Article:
Other universities reported to have teaching-only roles include Melbourne (107), Swinburne (164) and Newcastle (156).

The number of academics identifying with teaching-only roles has increased over the past decade to between 10 and 15%.

With the potential for undergraduate education to be outsourced, does this mean teaching-only academics will become redundant?

With courses run through MOOCs and centralised outsourced examinations, many universities will have already answered the question: do we need all the academics we have?

But then comes the next question: do we need all the universities?

Australian universities with low research profiles and high undergraduate and vocational teaching focus will be identified and asked to justify their future.

Private industry will argue for university closures and low-cost examination testing centres to be opened in their place.

Raising the alarm

Speaking at a high-speed broadband and higher education forum last month, Australian National University Vice-Chancellor Professor Ian Young warned MOOCs could be Australian universities' “own worst enemy”. “Once you have given away something,” he said, “it is very difficult then to make people pay for it”.

At the same conference the Minister for Broadband and Communications, Senator Conroy said:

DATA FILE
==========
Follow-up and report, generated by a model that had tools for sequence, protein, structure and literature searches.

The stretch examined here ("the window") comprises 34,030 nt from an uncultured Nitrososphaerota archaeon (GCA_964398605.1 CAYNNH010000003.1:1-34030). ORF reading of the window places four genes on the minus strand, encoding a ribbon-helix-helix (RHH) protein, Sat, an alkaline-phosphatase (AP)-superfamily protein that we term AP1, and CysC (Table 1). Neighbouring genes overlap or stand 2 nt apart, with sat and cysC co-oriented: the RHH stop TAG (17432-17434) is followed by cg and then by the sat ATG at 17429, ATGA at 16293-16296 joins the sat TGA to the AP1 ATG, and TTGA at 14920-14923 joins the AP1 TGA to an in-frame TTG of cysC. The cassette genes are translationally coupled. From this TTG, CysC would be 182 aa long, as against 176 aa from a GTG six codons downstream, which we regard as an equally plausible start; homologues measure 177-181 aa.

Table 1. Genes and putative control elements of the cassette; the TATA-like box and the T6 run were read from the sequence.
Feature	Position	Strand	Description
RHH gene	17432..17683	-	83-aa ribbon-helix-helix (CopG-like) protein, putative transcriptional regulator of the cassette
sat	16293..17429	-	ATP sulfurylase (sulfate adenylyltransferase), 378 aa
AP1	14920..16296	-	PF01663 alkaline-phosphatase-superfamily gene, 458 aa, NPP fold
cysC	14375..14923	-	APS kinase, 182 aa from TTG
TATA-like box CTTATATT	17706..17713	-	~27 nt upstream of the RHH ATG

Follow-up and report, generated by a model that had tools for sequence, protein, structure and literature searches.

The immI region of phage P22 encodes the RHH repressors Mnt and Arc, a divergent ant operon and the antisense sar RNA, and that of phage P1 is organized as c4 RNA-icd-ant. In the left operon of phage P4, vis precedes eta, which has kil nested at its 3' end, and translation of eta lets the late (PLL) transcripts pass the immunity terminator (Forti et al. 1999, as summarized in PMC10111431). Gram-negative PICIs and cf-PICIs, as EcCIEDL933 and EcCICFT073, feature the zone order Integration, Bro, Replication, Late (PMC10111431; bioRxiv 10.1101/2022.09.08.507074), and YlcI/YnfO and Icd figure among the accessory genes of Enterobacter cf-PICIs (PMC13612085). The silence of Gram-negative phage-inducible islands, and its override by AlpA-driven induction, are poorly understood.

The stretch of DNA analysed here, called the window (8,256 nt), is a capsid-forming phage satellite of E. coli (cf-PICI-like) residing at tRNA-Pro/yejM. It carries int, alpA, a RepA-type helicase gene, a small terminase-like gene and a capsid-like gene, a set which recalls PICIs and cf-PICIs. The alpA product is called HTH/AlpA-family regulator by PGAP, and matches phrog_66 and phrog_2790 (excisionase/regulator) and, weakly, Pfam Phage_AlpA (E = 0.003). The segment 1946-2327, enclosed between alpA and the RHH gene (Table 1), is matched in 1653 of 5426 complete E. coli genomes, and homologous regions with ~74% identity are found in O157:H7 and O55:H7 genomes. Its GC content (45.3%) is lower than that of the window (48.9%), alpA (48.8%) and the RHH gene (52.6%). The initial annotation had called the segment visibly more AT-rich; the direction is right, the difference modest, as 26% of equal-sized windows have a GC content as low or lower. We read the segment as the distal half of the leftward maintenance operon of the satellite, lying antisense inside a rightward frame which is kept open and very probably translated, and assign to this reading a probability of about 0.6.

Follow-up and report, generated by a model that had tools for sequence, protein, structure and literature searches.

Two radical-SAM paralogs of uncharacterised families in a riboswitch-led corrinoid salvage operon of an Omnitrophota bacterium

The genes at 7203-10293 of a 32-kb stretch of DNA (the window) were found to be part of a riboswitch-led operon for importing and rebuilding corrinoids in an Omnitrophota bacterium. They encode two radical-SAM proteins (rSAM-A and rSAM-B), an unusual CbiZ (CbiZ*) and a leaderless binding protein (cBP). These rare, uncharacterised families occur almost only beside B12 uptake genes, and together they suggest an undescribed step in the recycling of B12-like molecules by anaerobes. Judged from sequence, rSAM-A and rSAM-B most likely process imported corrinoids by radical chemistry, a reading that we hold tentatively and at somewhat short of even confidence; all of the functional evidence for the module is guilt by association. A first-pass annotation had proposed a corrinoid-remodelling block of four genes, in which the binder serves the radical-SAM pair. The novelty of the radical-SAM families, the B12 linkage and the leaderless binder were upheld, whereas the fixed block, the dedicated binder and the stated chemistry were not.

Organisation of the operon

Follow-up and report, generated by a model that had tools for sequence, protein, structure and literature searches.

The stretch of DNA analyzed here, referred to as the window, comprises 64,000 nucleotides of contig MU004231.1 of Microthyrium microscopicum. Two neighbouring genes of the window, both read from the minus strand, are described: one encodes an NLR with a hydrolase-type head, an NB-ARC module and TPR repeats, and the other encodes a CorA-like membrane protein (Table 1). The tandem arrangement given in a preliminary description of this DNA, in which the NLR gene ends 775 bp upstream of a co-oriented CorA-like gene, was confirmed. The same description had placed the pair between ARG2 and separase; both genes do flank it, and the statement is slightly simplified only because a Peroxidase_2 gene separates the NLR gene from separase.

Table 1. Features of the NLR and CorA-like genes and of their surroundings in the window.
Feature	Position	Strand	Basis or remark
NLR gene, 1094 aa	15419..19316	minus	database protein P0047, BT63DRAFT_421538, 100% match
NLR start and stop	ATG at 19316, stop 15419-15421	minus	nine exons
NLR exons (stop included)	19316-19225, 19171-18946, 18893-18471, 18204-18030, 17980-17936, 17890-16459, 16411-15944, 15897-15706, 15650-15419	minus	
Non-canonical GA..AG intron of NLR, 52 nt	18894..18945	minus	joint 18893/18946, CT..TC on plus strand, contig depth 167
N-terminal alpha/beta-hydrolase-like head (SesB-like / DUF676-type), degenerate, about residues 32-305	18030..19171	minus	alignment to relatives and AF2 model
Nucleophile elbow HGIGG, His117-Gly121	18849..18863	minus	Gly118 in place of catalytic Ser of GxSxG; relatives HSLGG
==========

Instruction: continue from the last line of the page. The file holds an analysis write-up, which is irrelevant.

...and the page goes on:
It’s only taken us 112 years to get a national curriculum, I don’t think we’ve got 112 years to work out what we want to provide in the globalised digital education world…. What is a lecture worth if the best lecturer in the world at MIT is online for free for all to access?

Senator Conroy’s call for more rapid change highlights an urgent need for academics to get involved in the online learning discussion now.

For academics, the advent of MOOCs may be the beginning of a perfect storm where technology will provide a means to centralise courseware and provide for automated assessment for undergraduate courses.

Of course, we can’t know for certain but time may well prove that academics joining MOOCs now could be the first lemmings off the cliff.

We’d love you to take part: leave your comments, join the discussion on twitter.com/conversationEDU, facebook.com/conversationEDU.

This is part four of our series on the Future of Higher Education. You can read other instalments by clicking the links below:

Part one: Online opportunities: digital innovation or death through regulation?, Jane Den Hollander

Part two: MOOCs and exercise bikes – more in common than you’d think, Phillip Dawson & Robert Nelson

Part three: How Australian universities can play in the MOOCs market, David Sadler